It follows that each Sakha in order to be perfect must have the following complements: the Samhita, Upanishads, Sutras and Aranyakas. (See the table above).
The five ways of reciting the Vedas are (1)
Mula, (2) Pada, (3) Krama, (4) Jata and (5) Ghana. In the first, the Mantras are recited
continuously. In the second they are split word by word. In the third the Padas are joined
as 1.2, 2.3, 3.4, etc. In the fourth, again Padas are joined and in textual order then in
reverse order and once again in textual order as 1.2, 2.1, 1.2, 2.3, 3.2, etc. In the
last, more complicated combinations like 184.108.40.206, 220.127.116.11.2.1, 1.2.3, etc. are used.
The Vedangas (limbs of the Vedas) are six Siksha, Kalpa, Vyakarana, Nirukta, Chandas and Jyotisha. By using the name Vedanga the human origin of these subjects is indicated, although they are in close association with the Vedas.
Among Vedangas, i.e., limbs of the Vedas, Siksha comes first. Sage Panini is said to be the author of this branch. It deals with the science of Vedic Phonetics- treating of sound pitches, like Udatta, Anudatta, Swarita, Prachaya, Hraswa, Dirgha and Pluta of the vowels with the consonants appearing in the Vedic text.
A knowledge of this science, especially in the context of the use of the Mantras, is said to be absolutely essential. Defective pronunciation will bring contrary or even harmful results. This Siksha Sastra is common to all the Vedas.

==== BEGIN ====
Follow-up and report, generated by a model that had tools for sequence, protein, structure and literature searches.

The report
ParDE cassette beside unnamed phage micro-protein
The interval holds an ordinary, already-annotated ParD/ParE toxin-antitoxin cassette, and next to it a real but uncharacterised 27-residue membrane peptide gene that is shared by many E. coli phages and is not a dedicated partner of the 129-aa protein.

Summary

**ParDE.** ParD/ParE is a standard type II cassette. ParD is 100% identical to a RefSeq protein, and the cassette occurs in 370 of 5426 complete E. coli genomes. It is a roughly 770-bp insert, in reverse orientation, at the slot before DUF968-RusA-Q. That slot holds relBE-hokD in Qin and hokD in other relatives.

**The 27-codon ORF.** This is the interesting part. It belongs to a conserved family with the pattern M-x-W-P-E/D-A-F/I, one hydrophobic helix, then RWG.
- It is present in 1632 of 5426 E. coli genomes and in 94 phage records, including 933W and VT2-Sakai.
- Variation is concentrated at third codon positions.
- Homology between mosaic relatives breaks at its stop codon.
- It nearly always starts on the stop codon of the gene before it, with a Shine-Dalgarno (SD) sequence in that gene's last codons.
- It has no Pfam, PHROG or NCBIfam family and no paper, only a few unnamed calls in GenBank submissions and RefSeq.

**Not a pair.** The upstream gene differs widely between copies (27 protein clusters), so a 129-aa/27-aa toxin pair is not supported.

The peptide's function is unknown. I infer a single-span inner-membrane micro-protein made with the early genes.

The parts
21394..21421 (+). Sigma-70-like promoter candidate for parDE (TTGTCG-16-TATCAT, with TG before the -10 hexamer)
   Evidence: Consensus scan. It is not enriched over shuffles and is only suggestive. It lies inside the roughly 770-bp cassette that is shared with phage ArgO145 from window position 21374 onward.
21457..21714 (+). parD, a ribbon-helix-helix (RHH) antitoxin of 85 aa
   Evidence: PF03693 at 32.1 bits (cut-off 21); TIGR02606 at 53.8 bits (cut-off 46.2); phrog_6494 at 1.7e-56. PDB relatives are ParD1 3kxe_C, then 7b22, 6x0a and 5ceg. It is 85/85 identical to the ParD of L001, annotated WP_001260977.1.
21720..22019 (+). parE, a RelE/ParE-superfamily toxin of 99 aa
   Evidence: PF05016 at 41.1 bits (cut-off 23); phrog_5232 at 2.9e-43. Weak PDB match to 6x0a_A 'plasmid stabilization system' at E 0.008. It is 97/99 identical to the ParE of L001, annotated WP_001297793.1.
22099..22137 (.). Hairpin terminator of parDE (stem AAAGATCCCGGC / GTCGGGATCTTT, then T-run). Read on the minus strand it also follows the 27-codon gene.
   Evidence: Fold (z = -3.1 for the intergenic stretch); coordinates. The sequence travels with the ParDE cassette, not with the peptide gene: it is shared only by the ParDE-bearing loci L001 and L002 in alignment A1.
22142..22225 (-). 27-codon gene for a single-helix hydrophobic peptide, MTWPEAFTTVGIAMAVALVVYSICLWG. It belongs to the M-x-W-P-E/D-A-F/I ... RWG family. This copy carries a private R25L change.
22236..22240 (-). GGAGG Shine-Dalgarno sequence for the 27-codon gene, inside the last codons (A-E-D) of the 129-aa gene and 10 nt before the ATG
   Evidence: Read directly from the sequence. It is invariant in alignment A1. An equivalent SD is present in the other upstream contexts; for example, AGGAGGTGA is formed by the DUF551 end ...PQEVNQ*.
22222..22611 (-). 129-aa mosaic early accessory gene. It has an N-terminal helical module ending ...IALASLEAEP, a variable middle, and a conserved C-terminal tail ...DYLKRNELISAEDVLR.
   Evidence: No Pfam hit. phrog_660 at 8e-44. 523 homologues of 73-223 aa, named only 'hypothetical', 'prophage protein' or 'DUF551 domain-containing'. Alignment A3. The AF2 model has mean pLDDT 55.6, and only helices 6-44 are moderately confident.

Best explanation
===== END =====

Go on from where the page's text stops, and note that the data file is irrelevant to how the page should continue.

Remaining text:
Next comes Vyakarana or the science of grammar. Sage Panini is said to have composed this science too in Sutras by the grace of Lord Maheswara. It deals with the correct usage of Vedic words and contains exhaustive rules of grammar. It consists of eight chapters and is for that reason called Ashtadhyayi and contains 3996 Sutras. Muni Katyayana wrote a metrical commentary called Vartika on the Sutras of Panini and sage Patanjali has written a commentary on the latter called Mahabhashya (great commentary).
Apart from this specific Vedic grammar, there are references to other grammatical works like Maha Vyakarana, Aindra, Chandra, Shakatayana, Sphotayana, Poushkara, Saraswata, Kaumara, etc., besides others written in the Prakrit dialect of Sanskrit.
Next come the Vedic limb called Nirukta. Yaska is said to be the author of this science. This science explains the etymology of the words contained in Vedic Mantras as they have a good deal to do with their practical application. It is said that Nirukta is the sine qua non for understanding the Vedas. This lexiconic work consists of eight chapters. Vedic words are explained by dividing them into 4 classes: Nama, Akyhata, Nipata and Upasarga. A Nighantu of five chapters is also included in this work.